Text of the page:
Defendant also relies on Andujar v State of New York, Ct Cl, November 30, 2000, Sise, J., Claim No. 99397, UID # 2000-028-0015, in which the Claimant alleged that the light fixture in his cell was inoperable, that windows were missing, and that the toilet was not functioning properly. The claim in Anjudar was dismissed, but again not until after trial, and not until after the Court had concluded that the documentary evidence established that reasonable and prompt attention was given to any defects in Claimant’s cell. In dismissing the Claim, the Court in Andujar noted that the State has a duty to exercise reasonable care to protect against foreseeable hazards (citing Basso v Miller, 40 NY2d 233, 241 [1976]), and that the Claimant must prove that the State had notice of the condition and failed to correct the situation within a reasonable period of time (see Gordon v American Museum of Natural History, 67 NY2d 836 [1986]; Goldblatt v State of New York, 72 AD2d 886 [1979]; Rinaldi v State of New York, 49 AD2d 361 [1975]).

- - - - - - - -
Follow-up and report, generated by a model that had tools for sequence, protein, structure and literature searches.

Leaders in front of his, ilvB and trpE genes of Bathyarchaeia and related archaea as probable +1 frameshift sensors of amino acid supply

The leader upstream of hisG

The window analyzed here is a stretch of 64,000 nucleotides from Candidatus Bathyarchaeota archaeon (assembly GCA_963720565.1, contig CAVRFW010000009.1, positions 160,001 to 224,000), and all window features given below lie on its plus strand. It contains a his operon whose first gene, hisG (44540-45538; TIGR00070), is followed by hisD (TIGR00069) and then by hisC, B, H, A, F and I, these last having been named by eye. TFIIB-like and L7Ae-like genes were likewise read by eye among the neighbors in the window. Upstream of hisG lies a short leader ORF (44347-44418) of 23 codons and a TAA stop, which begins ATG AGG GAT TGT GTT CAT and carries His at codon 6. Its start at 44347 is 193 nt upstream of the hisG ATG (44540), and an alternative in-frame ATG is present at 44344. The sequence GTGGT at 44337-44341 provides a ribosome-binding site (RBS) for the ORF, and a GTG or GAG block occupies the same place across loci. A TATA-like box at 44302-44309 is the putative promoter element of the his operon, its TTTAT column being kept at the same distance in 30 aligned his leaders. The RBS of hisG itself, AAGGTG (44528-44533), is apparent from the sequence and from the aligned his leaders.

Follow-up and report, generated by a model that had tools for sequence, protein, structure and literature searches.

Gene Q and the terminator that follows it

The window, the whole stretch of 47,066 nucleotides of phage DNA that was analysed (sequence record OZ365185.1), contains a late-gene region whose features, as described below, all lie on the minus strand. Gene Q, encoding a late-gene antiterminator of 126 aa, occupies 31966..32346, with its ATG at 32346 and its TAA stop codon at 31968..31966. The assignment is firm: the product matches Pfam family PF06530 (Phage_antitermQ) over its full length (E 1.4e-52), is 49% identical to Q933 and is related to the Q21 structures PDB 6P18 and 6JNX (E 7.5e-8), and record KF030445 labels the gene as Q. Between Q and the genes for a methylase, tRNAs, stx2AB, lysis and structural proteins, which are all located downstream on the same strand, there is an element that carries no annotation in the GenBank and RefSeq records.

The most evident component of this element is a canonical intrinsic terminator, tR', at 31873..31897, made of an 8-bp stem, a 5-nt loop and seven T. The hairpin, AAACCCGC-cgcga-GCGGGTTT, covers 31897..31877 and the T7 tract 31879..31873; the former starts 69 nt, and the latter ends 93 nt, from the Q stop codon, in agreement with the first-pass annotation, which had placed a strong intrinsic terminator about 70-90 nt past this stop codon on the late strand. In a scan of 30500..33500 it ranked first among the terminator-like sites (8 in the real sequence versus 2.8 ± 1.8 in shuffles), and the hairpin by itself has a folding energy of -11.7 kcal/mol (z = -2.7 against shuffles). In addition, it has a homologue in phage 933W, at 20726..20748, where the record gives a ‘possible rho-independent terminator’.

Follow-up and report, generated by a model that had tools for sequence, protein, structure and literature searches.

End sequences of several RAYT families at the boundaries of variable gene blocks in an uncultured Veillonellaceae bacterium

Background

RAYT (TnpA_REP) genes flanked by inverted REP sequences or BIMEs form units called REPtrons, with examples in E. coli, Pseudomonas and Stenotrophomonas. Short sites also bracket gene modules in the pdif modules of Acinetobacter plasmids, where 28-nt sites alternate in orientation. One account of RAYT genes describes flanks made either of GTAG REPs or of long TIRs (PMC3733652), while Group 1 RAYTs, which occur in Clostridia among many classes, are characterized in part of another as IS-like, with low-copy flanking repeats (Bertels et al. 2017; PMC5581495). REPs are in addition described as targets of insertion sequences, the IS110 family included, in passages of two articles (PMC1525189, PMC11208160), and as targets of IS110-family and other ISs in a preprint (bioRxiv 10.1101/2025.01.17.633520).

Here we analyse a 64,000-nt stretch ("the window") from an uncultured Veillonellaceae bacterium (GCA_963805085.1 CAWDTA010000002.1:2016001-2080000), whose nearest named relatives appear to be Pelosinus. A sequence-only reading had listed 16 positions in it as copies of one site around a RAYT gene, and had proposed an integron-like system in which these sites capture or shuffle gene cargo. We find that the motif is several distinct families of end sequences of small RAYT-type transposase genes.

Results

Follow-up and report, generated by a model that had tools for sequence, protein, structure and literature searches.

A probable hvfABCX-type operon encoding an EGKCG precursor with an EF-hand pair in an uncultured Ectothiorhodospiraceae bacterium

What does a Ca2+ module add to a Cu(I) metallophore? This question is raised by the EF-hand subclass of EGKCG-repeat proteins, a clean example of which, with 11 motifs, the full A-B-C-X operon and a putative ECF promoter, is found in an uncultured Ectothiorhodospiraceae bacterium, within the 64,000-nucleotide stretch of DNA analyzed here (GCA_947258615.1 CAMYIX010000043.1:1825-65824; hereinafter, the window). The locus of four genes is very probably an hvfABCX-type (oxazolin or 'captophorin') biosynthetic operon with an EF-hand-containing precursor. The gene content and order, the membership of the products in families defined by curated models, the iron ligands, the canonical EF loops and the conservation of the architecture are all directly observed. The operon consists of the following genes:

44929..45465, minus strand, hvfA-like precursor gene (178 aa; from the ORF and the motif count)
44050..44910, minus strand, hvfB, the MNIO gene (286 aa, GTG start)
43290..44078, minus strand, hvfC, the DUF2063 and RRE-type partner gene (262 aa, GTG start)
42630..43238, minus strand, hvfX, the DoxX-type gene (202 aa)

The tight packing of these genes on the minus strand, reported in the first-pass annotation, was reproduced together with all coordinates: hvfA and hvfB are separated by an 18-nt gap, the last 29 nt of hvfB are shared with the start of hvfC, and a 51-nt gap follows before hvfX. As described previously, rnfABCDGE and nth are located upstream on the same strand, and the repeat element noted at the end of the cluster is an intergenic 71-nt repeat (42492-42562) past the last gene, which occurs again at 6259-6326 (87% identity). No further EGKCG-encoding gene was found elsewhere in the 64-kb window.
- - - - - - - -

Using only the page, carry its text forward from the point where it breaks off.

Attached to Defendant’s motion papers as Exhibit H are copies of Claimant’s grievance which indicates an incident date of April 17, 2006, as opposed to April 15 or April 16, 2006 as in the claim, and a copy of a memo from Correction Officer (C. O.) J. Nelson indicating that a plumber was escorted around the unit to fix sinks and unplug three toilets on April 17, 2006, and that there were no toilets where the water was overflowing. As Claimant correctly notes, the memo initially indicated that the plumber arrived on April 24, 2006. This date was written over to indicate April 17, 2006, but there are no initials to indicate that the author of the memo, C.O. Nelson, was the one who changed the date. Moreover, the grievance and the memo, when read together, merely illustrate that there are numerous questions of fact as to when the toilet overflowed, if the toilet overflowed, when DOCS received notice of the situation, when the plumber arrived, and the length of time Claimant was left in the cell. The differing accounts of the facts create credibility issues which preclude the granting of summary judgment (see Rosenbaum v Camps Rov Tov, 285 AD2d 894 [2001]; Butzer v Scharf, supra).